New Goal-Setting Frameworks for 2019

A new year is upon us, and with it comes a fresh load of hopes and dreams--or at least tasks that we would like to accomplish. When I was a college student, I got so fed up with dead-end resolutions that I developed the practice of making a comprehensive numbered list every New Year’s Eve of every single thing that I wanted or needed to do over the next year.

Then, the following NYE, I would look at the previous year’s list and literally grade myself. So even if I accomplished 50 out of 100 goals, I still got an F. That practice only lasted a few years before I realized it wasn’t actually helpful. In fact, it made me feel worse about my progress, rather than motivating me to do better. My past self was ambitious and well-meaning, but the way that I set my goals was already dooming me to disappointment.

May my younger self serve as a lesson to all of us in the new year: Goal-setting isn’t just about establishing and working towards a goal. The way that we set our goals predetermines our course, and can often be that difference between an A+ and total failure.

That’s not only the case with our personal resolutions, either. The significance of goal-setting strategy extends to our businesses and productivity at work.

 

The Science of Goal-Setting

Studies show that goal-setting is an effective practice for accomplishing more. However, there are many different frameworks that can be used to set a goal. Colin Campell of SalesHacker warns that “poorly framed goals rarely translate to actual growth and improvement.”

This doesn’t mean that we should abandon setting goals altogether, but that we must set them with special care so that the overall process of reaching the goal doesn’t dishearten us completely by becoming a grade or a chore.

Different goals require different frameworks. After all, not all sales goals are measured by the exact same metric. And not every metric is tracked and recorded the exact same way. It’s simply not fair to yourself or your business. Goal setting has been shown to improve productivity by at least 10%. However, using the exact same method for every goal has been shown to discourage flexibility and problem-solving skills.

Fortunately, there are a number of different strategies suggested not just by self-help books, but also by sales professionals. Let's go over a few sales recommended strategies.

 

The SMART Model

This model is often attributed to Peter Drucker, who is known for his use of the MBO Model discussed below. The first use of SMART in its popular acronym format appeared in the Management Review in November 1981. Since then, the framework has been expanded on by experts like Professor Robert S. Rubin of the Society for Industrial and Organizational Psychology. Essentially, SMART is an acronym that serves as criteria for goal-setting. Each point involves questions you should use to evaluate a goal before setting it. Not every goal will have definite answers to all of these questions, but you should be able to answer then roughly before you can commit to the goal at all.

SMART stands for:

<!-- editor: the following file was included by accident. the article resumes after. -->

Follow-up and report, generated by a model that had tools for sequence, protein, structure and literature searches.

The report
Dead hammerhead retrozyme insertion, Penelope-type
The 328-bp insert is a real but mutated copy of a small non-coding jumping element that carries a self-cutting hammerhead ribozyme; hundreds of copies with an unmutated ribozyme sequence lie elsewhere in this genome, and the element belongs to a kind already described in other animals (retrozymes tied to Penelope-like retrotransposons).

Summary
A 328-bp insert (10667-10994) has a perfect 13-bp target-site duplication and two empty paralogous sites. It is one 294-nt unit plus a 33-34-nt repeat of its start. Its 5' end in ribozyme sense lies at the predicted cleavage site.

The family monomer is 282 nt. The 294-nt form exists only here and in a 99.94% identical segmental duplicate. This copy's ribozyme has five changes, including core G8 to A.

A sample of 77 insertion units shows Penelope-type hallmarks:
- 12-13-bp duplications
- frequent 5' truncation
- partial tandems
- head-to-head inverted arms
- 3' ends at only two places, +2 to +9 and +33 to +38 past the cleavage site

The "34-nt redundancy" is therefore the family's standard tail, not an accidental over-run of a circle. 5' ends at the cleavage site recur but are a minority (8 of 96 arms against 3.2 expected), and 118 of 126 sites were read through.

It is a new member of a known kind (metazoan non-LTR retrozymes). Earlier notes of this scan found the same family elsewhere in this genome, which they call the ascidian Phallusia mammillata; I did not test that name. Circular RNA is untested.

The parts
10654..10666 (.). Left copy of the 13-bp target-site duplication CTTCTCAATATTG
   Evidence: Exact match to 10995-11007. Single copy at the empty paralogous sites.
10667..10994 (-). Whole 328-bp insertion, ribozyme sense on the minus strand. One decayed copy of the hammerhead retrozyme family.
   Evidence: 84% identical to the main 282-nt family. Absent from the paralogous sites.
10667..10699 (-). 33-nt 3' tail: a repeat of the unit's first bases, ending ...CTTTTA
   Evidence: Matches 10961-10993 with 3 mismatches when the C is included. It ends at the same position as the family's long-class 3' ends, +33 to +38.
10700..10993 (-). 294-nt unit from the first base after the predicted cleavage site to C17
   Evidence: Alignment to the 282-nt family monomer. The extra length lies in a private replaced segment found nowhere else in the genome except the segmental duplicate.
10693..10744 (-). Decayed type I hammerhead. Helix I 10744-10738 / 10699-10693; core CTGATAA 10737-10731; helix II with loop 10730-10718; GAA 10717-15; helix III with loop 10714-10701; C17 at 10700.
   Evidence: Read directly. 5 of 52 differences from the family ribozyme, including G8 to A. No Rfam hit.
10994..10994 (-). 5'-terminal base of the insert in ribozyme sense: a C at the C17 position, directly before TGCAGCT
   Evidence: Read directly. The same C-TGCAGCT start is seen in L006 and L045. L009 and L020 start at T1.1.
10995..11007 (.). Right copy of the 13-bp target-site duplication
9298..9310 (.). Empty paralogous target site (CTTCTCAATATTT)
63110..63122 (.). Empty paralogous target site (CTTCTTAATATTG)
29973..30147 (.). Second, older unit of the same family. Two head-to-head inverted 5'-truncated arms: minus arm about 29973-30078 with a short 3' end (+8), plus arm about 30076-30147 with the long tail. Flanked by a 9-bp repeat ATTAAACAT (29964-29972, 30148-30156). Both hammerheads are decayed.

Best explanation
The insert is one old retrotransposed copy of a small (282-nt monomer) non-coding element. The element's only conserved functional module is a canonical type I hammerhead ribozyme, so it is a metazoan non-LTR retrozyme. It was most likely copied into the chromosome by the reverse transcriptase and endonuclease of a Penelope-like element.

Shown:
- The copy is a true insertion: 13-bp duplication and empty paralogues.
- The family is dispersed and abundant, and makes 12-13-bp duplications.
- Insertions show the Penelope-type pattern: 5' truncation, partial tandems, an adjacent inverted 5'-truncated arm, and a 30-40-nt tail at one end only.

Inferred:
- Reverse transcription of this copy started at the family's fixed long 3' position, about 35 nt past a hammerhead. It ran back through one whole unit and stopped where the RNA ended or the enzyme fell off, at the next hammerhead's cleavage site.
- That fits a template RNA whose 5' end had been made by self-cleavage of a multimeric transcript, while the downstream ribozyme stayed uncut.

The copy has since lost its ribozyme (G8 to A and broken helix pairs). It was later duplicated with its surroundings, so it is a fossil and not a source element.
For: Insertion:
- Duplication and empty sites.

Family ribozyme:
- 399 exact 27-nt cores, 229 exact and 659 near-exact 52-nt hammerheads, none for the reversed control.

Specific - What do I want to accomplish? Why is it important? Who is involved? Where is it located? What resources will this require?

Measurable - How will I know when this has been accomplished? Successful goals require consistent tracking.

Achievable - How can I realistically accomplish this goal? Is it truly realistic?

Relevant - Is it worthwhile and applicable? Is now the right time?

Time Bound- What is my deadline? What can I do today? What can I do six months from now?

The OKR Model

This model was developed at Intel by John Doerr. OKR stands for Objectives and Key Results. It is especially preferable in group or company contexts because it has a broader range than the SMART method. It is a framework that can be constructed in as little as three sessions.

The first session is to establish objective. The objective is simply a “qualitative statement of what you’re trying to achieve.” In the next session, you and your team choose the key results that will “state the impact you’ll have in reaching your objective.”

In this method, you do give yourself a score. However, it’s suggested that you use a sliding scale between zero in one. That’s right, all you need to succeed is a score of 0.7. Atlassian suggests setting “crazy stretch goals” so that you won’t feel shameful about a low score.

 

The MBO Model

The MBO Model, or “Management by Objectives,” is a combination of broad and specific strategies. It’s kind of like an upside-down triangle. You begin with corporate and company-wide goals. Once those are established, you can derive the relevant team and department goals. From those, employees develop specific goals, and then those specific goals are monitored and measured.

This way, all of your goals are related so that the measurements and results aren’t all over the place.

 

Goal Get Em!

An established framework for a goal sets you up for success, just like a frame can make all the difference to a photo or a piece of art. It’s difficult to have a functional goal without a working frame. It’s possible alright, but you’ll likely end up disappointed, and quite possibly giving yourself an F on some great things you intended to do.

So don’t let goal-setting become a recipe for disappointment. Strategize before you set goals, and you’ll find yourself more prepared, less intimidated, and ultimately more productive as you work toward success.

And, if you’re struggling to measure goals in a  meaningful way, consider using Prodoscore to track your sales team’s productivity.